A Story of One Three USB-C Hubs

4 minute read

I recently received a 16” MacBook Pro for work. Shiny as it may be, it only features four USB-C sockets (and a headphone jack) to connect to the outside world. To not end up in adapter hell, I ordered one three USB-C hubs until I finally found one that worked. This is my review and the story behind.

Not one of the hubs I ended up buying, but close enough.

My specifications seemed (to me) modest: The hub should support 100W charging (since the 2019 MacBook Pro needs it), HDMI (for ergonomic reasons, I like to stay perfectly centered in front of my display, so I only need one video out; if you need two, or worse, two at 4K, welcome to adapter hell!), Ethernet, and a couple of type-A USB ports so I can plug-in my wireless mouse, keyboard, and other equipment.

When I started my quest, I was quite delighted to see that from around 20$, one could get USB-C hubs that effectively mirror the capabilities of docking stations of old. Something that in the pre-USB 3 era would have cost upward of 200 bucks, was now finally within reach: plug in one cable at work your desk and be done with it. Moreover, most of these devices are small, stylish aluminum devices that resemble the MacBook’s elegance perfectly.

It is astonishingly difficult to get a USB-C adapter hub that just works

Disappointment settled in quickly when I tried to sift-through the dozens of near-identical hubs on Amazon, many of which seem to have fake reviews: how does on even make a decision among those end- and nameless brands? So, I just started ordering adapters with the highest rating I could find, half-cosher reviews, and only the features I needed (I figured if they had more at the same price, that would naturally be detrimental to the performance of the adapter).

AUKEY USB C Hub 8 in 1, 4.5 star rating (42.99 €)

I bought the AUKEY USB C Hub 8 in 1, since it explicitly mentioned its 100 Watt and MacBook Pro compatibility. Big fail. The adapter not only cut power delivery to the MacBook every 30 or so seconds (complete with annoying MacOS sounds notifying you of the same), it also got hot enough to melt a near-by chocolate bar. Moreover, it had a high static. Lastly, its electromagnetic shielding was so poor that the only way I could get my Logitech nano receiver to work was by placing it on a leash-like USB extension cable. Otherwise, the cursor would uncontrollably jump from one corner to the other. I don’t know whether the adapter caused WIFI performance issues, but given its unshielded nature, I suspect so.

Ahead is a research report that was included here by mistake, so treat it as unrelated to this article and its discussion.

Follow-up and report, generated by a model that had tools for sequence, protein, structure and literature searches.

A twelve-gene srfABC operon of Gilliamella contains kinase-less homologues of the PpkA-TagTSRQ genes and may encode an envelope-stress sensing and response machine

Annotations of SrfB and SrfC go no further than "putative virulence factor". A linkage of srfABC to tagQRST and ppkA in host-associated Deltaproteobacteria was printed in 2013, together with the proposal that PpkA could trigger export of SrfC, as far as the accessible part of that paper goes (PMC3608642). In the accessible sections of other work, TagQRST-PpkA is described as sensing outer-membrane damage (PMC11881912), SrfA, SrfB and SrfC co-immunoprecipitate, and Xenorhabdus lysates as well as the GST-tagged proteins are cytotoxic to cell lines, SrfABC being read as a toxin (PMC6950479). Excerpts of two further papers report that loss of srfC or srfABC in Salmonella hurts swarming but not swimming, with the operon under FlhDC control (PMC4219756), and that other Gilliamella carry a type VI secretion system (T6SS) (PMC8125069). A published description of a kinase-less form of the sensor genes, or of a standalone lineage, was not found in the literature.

YXwin USB C Hub, 6 in 1 Type C USB C Adapter, 4.5 star rating (34.99 €)

The ominously named YXwin USB C Hub was also a fail, but on a more subtle level. At first, it seemed to do quite well: Power delivery was constant and the hub did not become too hot. Of course, electromagnetic shielding was also poor (or non-existent) so I couldn’t get my nano receiver off its leash just yet. But otherwise, I was quite happy and used it for a couple weeks in different environments. Until I noticed that my WIFI connection was slower and sometimes laggier than it should be. After two hours of playing around with the local WIFI installation, I finally zoomed-in on the culprit USB C hub. I found that the electromagnetic shielding of this hub was so bad that my WIFI’s speed (measured at 100 MBbit/s at the same spot with the peripheral-free MacBook) drop down to

  • below 2 Mbit/s when the adapter was used with HDMI and power simultaneously
  • a very jerky 15 Mbit/s when the adapter was used with HDMI.

VAVA USB Hub, 8-in-1 USB C Hub, 4.5 star rating (31.99 €, normally 39.99 €)

I just got this today. Everything works and it doesn’t make annoying noises. I don’t even need the USB leash, but can just directly plug-in my Logitech nano receiver, which indicates that the electromagnetic shielding is good. Even though there is a warning on the device that it can get extremely hot (130° Fahrenheit, that’s 54°C), it actually does not. Now here is a caveat: There are a few Amazon reviews of customers whose units failed after only a few months. Should this happen, I will update this blog post. If I have not, it still works happily.

Two conclusions: The cheapest product actually was best, and many Amazon reviews seem fake. Amazon should do something about it, as its reviews used to be an awesome resource to make customer-informed purchase decisions based on crowd wisdom. This is no wonder, as all hubs came with a more-or less snarky “thank you” note which promised longer warranty or other perks in exchange for a positive Amazon review.

Credits: Photo (CC) by Khalid Bencherifa